Besides sushi, sashimi is probably one of the most popular Japanese delicacies around the globe, with many different variations and types. That is why many who start taking an interest in Japanese food wonder – what is the best sashimi?
The best sashimi is made from otoro (belly) of the sushi-grade bluefin tuna, paired with traditional condiments and garnishes. Yellowfin tuna is considered the best substitute, but many other fish types are suitable as the base for this delicacy, such as salmon, scallops, horse mackerel, halibut, and amberjack.
If you want to learn more about this delicious and popular dish, you can start by reading the article below.
- Tuna Sashimi Is the Best Sashimi Variety
- Other Popular Fish Types for Making Sashimi
- What Is Sushi or Sashimi-Grade Fish?
- Enjoy the True Delicacy of Japanese Cuisine
Unlike sushi, which can be prepared with rice, seaweed, vegetables, and many other ingredients, the main part of the sashimi dish is fish. Therefore, determining the finest type of this delicacy will mostly depend on the fish that serves as the base. Many professional chefs and kitchen experts give the title of top-tier fish to tuna, known in Japan as maguro.
Maguro may be one of the highest quality and tastiest fish to be eaten raw but bear in mind that not all maguro types are the same. Bluefin tuna is considered to be the most delicious, with dark red meat, a meaty texture, and full flavor.
Still, even different parts of this fish don’t bring the same quality and demand. For example, otoro is bluefin tuna’s belly – it’s fatty and flavorful, which is why it’s most sought-after. Therefore, sashimi made from sushi-grade tuna’s otoro would be considered the best sashimi you can get. Unfortunately, high demand has led to overfishing, and this species of fish is now classified as endangered.
Because of bluefin tuna’s endangered status, yellowfin tuna has taken its place as the top-selling type, with a meaty but mild flavor. Other tunas can also be found on the restaurants’ menus, such as:
- Bigeye, with sweet and rich flavor,
- Albacore, with a pleasantly mild sashimi taste,
- Skipjack, with a strong and fishy flavor.
Although fish is the central part of this dish, it’s never served on its own. In the best restaurants, you’ll be presented with traditional Japanese condiments, such as spicy wasabi or pickled ginger. Aside from these, you’ll also be served with small dipping bowls filled with soy sauce.
For the most authentic experience, traditional Japanese garnishes should be added to the meal, such as shiso leaves or shredded daikon radish. Of course, garnishing the plate doesn’t need to end at that – the chef can also choose to add other things like decorative herbs, vegetables, and lemon slices.
Of course, tuna’s not the only fish you’ll find on sashimi menus. Moreover, some chefs prefer serving different kinds of raw fish mixed. Which one you’ll like the most will depend on your personal taste. Take a look at the table below to see what other types of fish and seafood are traditionally used for making this dish:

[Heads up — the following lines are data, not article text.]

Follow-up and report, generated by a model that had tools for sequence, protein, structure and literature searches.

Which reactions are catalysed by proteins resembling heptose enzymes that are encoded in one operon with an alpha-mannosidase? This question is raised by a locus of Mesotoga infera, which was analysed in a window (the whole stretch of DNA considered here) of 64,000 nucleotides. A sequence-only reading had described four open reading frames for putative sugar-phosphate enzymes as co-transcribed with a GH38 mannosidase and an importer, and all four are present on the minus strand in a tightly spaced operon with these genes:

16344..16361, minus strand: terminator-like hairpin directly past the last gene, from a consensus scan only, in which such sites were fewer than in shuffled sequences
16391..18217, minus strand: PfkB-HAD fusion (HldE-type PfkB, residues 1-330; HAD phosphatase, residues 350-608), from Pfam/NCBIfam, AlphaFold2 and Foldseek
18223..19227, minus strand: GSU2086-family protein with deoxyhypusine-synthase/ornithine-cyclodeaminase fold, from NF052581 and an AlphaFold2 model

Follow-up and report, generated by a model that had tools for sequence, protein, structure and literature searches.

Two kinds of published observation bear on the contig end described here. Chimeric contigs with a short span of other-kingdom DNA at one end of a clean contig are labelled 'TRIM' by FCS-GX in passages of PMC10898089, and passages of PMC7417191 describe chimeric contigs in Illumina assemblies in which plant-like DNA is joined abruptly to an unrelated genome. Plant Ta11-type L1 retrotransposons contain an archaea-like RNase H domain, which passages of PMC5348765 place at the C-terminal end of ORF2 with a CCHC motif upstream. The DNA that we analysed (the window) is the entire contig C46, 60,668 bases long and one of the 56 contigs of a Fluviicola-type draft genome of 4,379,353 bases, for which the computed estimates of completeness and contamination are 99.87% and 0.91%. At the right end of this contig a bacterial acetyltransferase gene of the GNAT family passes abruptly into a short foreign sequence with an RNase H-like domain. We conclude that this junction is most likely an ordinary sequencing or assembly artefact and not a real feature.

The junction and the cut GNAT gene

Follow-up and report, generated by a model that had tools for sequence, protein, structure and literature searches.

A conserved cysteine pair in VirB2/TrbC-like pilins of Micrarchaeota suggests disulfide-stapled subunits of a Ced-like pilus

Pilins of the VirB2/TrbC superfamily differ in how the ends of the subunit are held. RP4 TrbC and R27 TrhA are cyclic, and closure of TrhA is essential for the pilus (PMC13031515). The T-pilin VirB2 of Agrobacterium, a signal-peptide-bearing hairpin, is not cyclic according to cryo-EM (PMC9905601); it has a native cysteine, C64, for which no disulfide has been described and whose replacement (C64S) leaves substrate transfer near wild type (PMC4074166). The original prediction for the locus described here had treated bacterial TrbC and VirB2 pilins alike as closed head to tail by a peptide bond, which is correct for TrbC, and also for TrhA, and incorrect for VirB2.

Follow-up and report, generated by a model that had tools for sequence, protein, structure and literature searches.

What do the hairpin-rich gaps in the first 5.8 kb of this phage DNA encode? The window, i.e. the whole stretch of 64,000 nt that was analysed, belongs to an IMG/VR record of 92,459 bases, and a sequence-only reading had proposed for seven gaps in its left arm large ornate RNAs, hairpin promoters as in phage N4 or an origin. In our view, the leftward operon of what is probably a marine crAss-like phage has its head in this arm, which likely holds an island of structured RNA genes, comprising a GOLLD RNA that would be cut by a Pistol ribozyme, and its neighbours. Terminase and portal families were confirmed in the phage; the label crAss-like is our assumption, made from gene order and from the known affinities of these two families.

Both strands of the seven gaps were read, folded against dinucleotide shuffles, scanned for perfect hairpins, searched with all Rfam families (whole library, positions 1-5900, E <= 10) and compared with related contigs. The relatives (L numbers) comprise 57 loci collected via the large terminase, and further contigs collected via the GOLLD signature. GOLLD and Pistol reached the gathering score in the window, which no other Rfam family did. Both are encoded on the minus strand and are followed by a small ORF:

|Hokkaido Scallop||Hotate||Tender, sweet, and creamy with white-colored meat|
|Surf Clams||Hokkigai||Sweet with a chewy, almost crunchy texture and white-red meat|
|Horse Mackerel||Aji||Mild-flavored pinkish meat, often compared to the taste of maguro|
|Amberjack||Kanpachi||Tasty, firm flesh that holds balanced fat content|
|Octopus||Tako||Boiled before serving, so the right flavors and texture can be achieved|
|Swordfish||Mekajiki||Fish with high-fat consistency that results in a buttery taste|
Salmon Is One of the Most Popular Sashimi Ingredients Worldwide
We can’t talk about sashimi and not mention salmon since it’s one of the most beloved sushi and sashimi bases in the US. Salmon has a buttery and light taste, not at all fishy, so it’s one of the favorite types of raw fish for many people worldwide.
Many restaurants today serve salmon sashimi as one of their specialties, but did you know that it’s not inherent to traditional Japanese cuisine? The salmon we now eat is mostly aquacultured and parasite-free. However, salmon from Japanese waters was often parasite-infected, which is why it could only be eaten when cooked.
No matter which fish is part of your next sashimi, it must be sushi or sashimi-grade. What does it mean? Sushi-grade is a label used to describe a fish of the greatest quality that is completely safe to eat raw. It must be bacteria and parasite-free, and in order to achieve that, fishmongers freeze the fish before selling it and treat it in sterilized conditions.
The taste and texture of a fish don’t mean a thing if it’s not the highest-quality kind. Therefore, you must ensure it’s safe for raw consumption, which you can do only if you’re eating in reliable restaurants or buying sashimi from trustworthy fishmongers.
Eaten as an appetizer or the main course, this dish tastes divine when prepared right. Although tuna sashimi is considered the highest quality, many other fish species are known as excellent sashimi bases. Therefore, don’t be scared to try them out! Whether you want to make it on your own or enjoy food prepared by experienced chefs, there is no doubt it will soon become one of your favorite dishes.